Cerebral Palsy Association of Manitoba advocates from behind bars

The non-profit's first campaign saw a young man tell his story using a temporary cell.


During an afternoon this past June, pedestrians crossing Winnipeg’s Old Market Square encountered a young man in a wheelchair, trapped in what appeared to be a jail cell.

Those who approached could listen to his story from a pair of headphones mounted outside the cell: here was Tyson Sylvester, a 22-year-old disability advocate with cerebral palsy, who had locked himself up to demonstrate the failures of the disability system, which “blocks you from going in and out,” much like a jail cell.

A video captured the reactions of those who stopped to listen or exchange words with Sylvester. It is being shared on social as part of the Cerebral Palsy Association of Manitoba’s first marketing campaign, aimed at raising awareness and advocating for better services for adults with physical disabilities in the province.

In 2016, Sylvester and Amy Hampton, a non-verbal woman with cerebral palsy, filed a human rights complaint with the Public Interest Law Centre (which is part of Legal Aid Manitoba). They say the current system – in which many services for people with disabilities disappear after high school – is discriminatory.

Their attorney put the CPA of Manitoba in touch with UpHouse, a year-old creative agency in Winnipeg, which led on the campaign, according to David Kron, executive director of the association in Manitoba. He says the concept was designed to bring awareness to the cause, and Sylvester was “all into the idea” of placing himself behind bars.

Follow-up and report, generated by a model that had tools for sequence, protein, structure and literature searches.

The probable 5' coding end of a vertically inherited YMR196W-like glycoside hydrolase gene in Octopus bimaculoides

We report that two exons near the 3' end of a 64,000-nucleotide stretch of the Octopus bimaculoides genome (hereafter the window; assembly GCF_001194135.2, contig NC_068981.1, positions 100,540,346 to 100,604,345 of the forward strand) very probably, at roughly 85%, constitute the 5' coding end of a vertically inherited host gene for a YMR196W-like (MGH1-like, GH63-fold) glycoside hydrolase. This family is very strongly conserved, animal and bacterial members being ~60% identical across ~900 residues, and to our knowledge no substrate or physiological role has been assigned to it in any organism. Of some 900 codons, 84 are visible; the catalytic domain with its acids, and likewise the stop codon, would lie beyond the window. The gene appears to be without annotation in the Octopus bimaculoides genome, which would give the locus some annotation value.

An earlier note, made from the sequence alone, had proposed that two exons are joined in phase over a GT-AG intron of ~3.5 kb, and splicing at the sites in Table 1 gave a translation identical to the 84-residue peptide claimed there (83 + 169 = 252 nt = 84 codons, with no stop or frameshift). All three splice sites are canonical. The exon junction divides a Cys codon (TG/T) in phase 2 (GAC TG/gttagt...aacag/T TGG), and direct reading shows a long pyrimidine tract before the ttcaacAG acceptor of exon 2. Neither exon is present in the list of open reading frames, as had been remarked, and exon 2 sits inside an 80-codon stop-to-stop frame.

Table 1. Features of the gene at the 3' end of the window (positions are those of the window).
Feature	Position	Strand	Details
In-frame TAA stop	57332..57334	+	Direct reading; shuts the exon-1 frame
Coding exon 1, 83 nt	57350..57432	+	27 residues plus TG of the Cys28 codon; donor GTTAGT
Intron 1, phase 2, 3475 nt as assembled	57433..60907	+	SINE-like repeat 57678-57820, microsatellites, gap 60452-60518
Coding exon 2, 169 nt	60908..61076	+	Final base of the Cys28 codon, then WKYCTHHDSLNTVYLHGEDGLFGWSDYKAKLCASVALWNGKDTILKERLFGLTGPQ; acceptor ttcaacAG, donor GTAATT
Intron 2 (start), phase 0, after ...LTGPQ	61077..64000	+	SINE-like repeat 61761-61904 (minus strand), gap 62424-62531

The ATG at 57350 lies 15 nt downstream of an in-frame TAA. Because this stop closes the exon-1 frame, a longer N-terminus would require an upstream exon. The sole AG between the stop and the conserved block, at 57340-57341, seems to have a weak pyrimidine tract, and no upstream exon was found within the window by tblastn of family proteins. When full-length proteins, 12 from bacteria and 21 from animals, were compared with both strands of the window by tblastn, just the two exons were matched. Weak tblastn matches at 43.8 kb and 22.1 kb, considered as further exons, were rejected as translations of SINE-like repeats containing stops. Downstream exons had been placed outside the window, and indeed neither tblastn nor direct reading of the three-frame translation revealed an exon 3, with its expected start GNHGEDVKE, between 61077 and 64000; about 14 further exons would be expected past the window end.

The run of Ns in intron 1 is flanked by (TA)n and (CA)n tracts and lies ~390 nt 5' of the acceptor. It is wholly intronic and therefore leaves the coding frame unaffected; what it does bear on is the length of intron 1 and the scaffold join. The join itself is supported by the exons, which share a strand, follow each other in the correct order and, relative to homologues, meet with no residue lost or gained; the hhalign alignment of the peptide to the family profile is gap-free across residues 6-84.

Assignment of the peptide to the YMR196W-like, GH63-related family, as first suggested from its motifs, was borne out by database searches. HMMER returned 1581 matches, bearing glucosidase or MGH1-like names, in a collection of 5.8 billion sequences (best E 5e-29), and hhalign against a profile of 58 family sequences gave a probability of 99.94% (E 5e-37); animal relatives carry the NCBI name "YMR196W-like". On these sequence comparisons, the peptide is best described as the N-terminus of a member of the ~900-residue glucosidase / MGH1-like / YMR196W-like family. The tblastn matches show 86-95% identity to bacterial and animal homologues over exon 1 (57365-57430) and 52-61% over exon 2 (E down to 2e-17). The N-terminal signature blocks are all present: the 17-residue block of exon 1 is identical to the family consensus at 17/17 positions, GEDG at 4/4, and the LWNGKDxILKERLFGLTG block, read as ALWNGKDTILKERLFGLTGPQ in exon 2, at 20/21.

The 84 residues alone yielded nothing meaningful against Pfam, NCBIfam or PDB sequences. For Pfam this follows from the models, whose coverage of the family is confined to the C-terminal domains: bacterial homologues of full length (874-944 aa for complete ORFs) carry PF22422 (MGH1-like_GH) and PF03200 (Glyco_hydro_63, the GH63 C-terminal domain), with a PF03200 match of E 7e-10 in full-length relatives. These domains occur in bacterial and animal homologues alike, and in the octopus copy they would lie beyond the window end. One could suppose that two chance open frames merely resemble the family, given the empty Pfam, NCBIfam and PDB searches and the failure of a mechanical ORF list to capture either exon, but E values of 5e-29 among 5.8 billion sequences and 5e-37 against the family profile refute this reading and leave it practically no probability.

According to Kron, the CPA of Manitoba – which consists of him and another part-time employee – had never worked with an agency before. Its annual marketing budget of $1,500 is typically spent on event-specific giveaways, like magnets or pins, instead of marketing campaigns.

For this first campaign, Kron wanted “to walk down that line so that people are a little uncomfortable, but not overly so.”

Without much of a media spend behind it, the video has garnered more than 57,000 Facebook views in less than a week. Since the effort speaks to more than just people with cerebral palsy, touching anyone with a physical disability that isn’t covered under existing programs, Kron says he has heard from other individuals and parents impacted by the current laws. And more than 1,500 people have signed a petition so far.

“The world can be a very isolating place for folks with disabilities, so this is just another way for them to connect as a community and tell the powers to be, hey, I matter too,” he says.

Unlike other associations in Canada, the CPA doesn’t fall under the oversight of a national body, according to Kron, meaning every chapter oversees its own marketing initiatives. With the goal of “keeping the momentum going,” Kron says he hopes to work with other CPA bodies across the country to promote the campaign nationally.